February 22, 2020
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Reasons for cautious optimism as Senate impeachment trial begins

Senate Television | AP
Senate Television | AP
In this image from video, presiding officer Supreme Court Chief Justice John Roberts swears in members of the Senate for the impeachment trial against President Donald Trump Thursday at the U.S. Capitol in Washington.

After swearing an oath last Thursday to do impartial justice according to the U.S. Constitution and to the law, members of the U.S. Senate are set to begin the hopefully substantive stages of President Donald Trump’s impeachment trial. There have been plenty of reasons to wonder whether the Senate will handle this process with the carefulness and soberness it calls for, but we nevertheless head into this week with a few reasons for some cautious — emphasis on cautious — optimism.

We’re optimistic that a handful of Republican senators, including U.S. Sen. Susan Collins, have not only indicated a willingness to call new witnesses and review new evidence, but also said they would not support a motion to immediately dismiss the impeachment charges. That’s not an iron-clad commitment, but it is a very important open door at this point in the process.

We’re also encouraged that the closely held trial rules Majority Leader Mitch McConnell has developed reportedly do not include a built-in motion for early dismissal, as was included in the impeachment trial of President Bill Clinton (when all Senate Democrats at the time unsuccessfully voted to dismiss before subpoenaing additional testimony and evidence). Reports of McConnell including a trial “ kill switch” to end debate could prove our optimism premature, but the lack of an initial motion to dismiss would seem to make it more likely that there will, at the very least, be a vote on whether to hear from new witnesses and accept new testimony.

At some point, each individual senator will need to decide whether additional, demonstrably accessible testimony and evidence can strengthen the record and help them cast a more informed vote. The answer, when the time comes, should be an easy yes.

And, finally, it’s promising that Republican U.S. Sen. Ted Cruz has proposed the very sort of witness exchange that we’ve been suggesting for weeks.

This offers a clear middle path forward that should satisfy both sides of the aisle while helping to better inform the American public about President Donald Trump’s actions at the same time. Senate leaders should work toward an agreement that trades testimony from certain potential witnesses Democrats would like to see — including former National Security Adviser John Bolton, acting White House Chief of Staff Mick Mulvaney and perhaps Lev Parnas — in exchange for Republican-desired witnessed such as Hunter and Joe Biden, the anonymous whistleblower (who should remain anonymous even when testifying) and U.S. Rep. Adam Schiff.

However, there is still plenty of room for unease about how the Senate impeachment trial will play out. Our biggest fear is that any positive momentum in the witness discussion will be torpedoed by disagreement and partisan escalation surrounding the new revelations from Lev Parnas, an associate of Trump’s personal attorney Rudy Giuliani, and a decision issued by the U.S. Government Accountability Office last Thursday arguing that the Office of Management and Budget violated the Impoundment Control Act when withholding millions in aid to Ukraine.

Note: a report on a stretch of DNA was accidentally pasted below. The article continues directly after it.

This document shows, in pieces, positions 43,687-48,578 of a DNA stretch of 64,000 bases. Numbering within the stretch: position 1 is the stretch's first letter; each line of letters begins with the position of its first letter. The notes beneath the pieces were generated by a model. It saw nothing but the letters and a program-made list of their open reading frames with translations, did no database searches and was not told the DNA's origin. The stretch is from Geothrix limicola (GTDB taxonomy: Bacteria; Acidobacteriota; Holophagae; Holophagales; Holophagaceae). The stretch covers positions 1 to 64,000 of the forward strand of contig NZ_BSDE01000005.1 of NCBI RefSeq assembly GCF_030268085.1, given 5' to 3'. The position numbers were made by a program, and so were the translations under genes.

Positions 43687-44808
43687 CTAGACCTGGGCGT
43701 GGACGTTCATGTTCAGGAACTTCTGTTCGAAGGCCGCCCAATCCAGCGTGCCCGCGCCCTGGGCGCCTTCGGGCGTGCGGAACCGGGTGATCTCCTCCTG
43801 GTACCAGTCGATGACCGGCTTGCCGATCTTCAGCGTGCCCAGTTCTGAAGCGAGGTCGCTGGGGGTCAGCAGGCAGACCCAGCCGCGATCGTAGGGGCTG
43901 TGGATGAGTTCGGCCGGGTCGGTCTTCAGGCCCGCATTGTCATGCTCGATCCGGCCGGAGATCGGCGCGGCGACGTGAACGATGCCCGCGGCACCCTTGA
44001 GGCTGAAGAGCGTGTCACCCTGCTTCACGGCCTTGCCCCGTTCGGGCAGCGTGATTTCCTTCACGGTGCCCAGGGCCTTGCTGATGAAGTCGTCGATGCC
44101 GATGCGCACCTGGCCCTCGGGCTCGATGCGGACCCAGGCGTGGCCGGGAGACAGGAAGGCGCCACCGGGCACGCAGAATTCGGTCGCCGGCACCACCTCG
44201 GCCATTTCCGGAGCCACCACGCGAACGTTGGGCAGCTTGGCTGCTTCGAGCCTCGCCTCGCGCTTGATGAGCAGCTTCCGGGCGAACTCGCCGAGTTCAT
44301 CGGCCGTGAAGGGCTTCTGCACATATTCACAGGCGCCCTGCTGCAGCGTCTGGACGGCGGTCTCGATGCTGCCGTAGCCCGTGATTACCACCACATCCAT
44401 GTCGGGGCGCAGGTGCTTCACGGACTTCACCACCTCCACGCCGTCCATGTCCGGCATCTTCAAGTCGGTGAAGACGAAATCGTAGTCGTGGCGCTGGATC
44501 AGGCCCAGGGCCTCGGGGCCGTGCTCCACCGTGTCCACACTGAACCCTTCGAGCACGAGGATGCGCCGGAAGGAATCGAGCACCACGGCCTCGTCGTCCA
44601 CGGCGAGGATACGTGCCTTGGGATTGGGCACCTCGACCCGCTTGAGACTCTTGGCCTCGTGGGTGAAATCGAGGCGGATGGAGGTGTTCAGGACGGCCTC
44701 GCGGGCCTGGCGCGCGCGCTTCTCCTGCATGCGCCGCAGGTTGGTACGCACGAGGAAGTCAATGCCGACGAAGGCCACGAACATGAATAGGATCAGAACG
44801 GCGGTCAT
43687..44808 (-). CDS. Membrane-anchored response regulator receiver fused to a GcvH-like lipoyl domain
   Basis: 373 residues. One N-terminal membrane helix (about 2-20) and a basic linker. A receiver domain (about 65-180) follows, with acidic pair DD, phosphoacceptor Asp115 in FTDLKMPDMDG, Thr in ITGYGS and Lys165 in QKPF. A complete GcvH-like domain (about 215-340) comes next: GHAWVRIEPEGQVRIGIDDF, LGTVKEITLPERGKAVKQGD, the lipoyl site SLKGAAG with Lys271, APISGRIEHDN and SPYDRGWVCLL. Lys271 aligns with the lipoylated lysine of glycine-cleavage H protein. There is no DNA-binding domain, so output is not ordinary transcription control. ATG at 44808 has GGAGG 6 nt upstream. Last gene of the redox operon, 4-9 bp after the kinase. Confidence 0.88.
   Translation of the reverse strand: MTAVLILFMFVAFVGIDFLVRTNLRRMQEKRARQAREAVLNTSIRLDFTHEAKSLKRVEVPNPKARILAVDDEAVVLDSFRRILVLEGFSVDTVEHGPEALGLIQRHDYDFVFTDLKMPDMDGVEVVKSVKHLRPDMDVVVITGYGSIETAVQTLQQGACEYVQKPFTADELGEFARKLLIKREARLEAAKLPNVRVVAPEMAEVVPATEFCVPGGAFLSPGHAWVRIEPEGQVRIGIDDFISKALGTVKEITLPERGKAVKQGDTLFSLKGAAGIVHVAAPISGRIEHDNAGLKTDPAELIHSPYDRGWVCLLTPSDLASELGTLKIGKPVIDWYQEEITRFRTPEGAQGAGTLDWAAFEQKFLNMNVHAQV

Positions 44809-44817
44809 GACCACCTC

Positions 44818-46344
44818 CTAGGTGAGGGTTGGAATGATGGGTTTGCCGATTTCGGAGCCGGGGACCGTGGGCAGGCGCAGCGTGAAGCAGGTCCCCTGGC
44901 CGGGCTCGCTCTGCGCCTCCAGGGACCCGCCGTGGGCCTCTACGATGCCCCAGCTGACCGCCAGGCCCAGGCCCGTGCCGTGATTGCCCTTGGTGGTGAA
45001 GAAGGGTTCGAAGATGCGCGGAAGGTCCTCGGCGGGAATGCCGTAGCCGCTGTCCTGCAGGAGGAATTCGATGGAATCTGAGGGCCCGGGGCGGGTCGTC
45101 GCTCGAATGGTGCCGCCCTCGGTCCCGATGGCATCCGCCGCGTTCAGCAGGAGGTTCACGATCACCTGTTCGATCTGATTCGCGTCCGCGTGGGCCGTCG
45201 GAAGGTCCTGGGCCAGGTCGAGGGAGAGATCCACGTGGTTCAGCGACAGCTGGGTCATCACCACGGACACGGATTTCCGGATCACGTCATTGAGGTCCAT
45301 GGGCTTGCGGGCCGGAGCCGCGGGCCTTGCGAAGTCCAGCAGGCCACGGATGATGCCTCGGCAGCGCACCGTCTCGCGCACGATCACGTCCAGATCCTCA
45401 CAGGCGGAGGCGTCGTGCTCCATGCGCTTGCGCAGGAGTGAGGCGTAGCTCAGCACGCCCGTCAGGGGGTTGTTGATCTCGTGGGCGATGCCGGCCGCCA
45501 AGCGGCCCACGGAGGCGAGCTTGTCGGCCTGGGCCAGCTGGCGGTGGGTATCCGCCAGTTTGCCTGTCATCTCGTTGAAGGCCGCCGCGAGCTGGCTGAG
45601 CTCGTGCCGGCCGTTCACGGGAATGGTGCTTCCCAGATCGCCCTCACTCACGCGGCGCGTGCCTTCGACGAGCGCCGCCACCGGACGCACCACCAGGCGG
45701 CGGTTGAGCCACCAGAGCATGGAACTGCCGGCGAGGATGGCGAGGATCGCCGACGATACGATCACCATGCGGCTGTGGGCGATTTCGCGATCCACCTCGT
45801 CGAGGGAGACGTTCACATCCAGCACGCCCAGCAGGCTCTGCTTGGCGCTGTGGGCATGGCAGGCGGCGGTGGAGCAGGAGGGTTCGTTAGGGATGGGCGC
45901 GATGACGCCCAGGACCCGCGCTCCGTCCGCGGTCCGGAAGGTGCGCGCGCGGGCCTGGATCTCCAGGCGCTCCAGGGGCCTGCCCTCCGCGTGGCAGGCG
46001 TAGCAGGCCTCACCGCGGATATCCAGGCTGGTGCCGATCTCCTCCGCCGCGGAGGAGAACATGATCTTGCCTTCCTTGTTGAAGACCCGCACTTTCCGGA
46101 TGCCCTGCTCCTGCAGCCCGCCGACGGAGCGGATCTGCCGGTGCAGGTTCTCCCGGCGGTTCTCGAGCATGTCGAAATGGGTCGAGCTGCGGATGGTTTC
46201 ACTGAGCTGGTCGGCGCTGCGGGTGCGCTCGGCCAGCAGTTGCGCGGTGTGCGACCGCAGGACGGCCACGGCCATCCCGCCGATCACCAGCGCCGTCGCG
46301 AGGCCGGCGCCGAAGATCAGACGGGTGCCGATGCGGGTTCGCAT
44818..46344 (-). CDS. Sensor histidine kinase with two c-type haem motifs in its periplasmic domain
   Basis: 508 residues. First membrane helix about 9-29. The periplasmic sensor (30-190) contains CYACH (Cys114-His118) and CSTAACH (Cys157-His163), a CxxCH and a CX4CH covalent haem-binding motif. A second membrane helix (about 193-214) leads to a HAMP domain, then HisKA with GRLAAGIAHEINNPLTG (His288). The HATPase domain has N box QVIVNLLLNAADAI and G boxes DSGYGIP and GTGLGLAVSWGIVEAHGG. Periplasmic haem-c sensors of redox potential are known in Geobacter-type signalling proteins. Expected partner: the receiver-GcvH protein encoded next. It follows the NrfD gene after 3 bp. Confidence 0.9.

Both of those recent developments deserve to be considered as part of the Senate trial, but context cannot be lost. Parnas, for instance, has been indicted on several charges including making false statements and falsifying documents, so there should be serious doubt about his credibility.

We can’t underscore enough how important it is for senators, and members of the media, to keep a level head and stick to the facts.

So it’s especially worrying when people such as MSNBC’s Joe Scarborough misuse their national platforms to spread incorrect information. Collins provided a less than encouraging, contextually challenged quote last week about the implications of the new Parnas documents. Scarborough then claimed Collins was arguing that “we don’t need anymore witnesses” and called her remarks “embarrassing.” But it’s Scarborough, and Democrats trying to amplify his comments, who should be embarrassed.

Collins never said more witnesses aren’t needed.

If Collins eventually decides not to pursue additional witnesses and testimony, we’ll be at the front of the line criticizing that decision. But the process isn’t necessarily there yet, and she has clarified that “it is likely” she would support a motion to call witnesses later in the trial, as she did in the Clinton impeachment. Everyone, the media included, cannot lose sight of context, nuance and fact. Those are the very things that matter most in this impeachment.

Unfortunately, the Senate seems poised to make it more difficult for the reporters working in person to help provide those details. Misguided new restrictions on press movement within the Capitol building will limit their ability to question individual senators and keep the public informed.

“It’s a huge mistake,” Republican Sen. John Kennedy of Louisian told Politico. “U.S. senators are grown women and grown men. If they don’t want to make a comment, they know how to say ‘no comment.’ … We aren’t children.”

That perspective about maturity is spot on, and should extend across the board during this trial. The Senate has an opportunity to rise above unabashed partisanship, focus on the facts and be the adults in the room. The rest of us should try to meet that standard, too.


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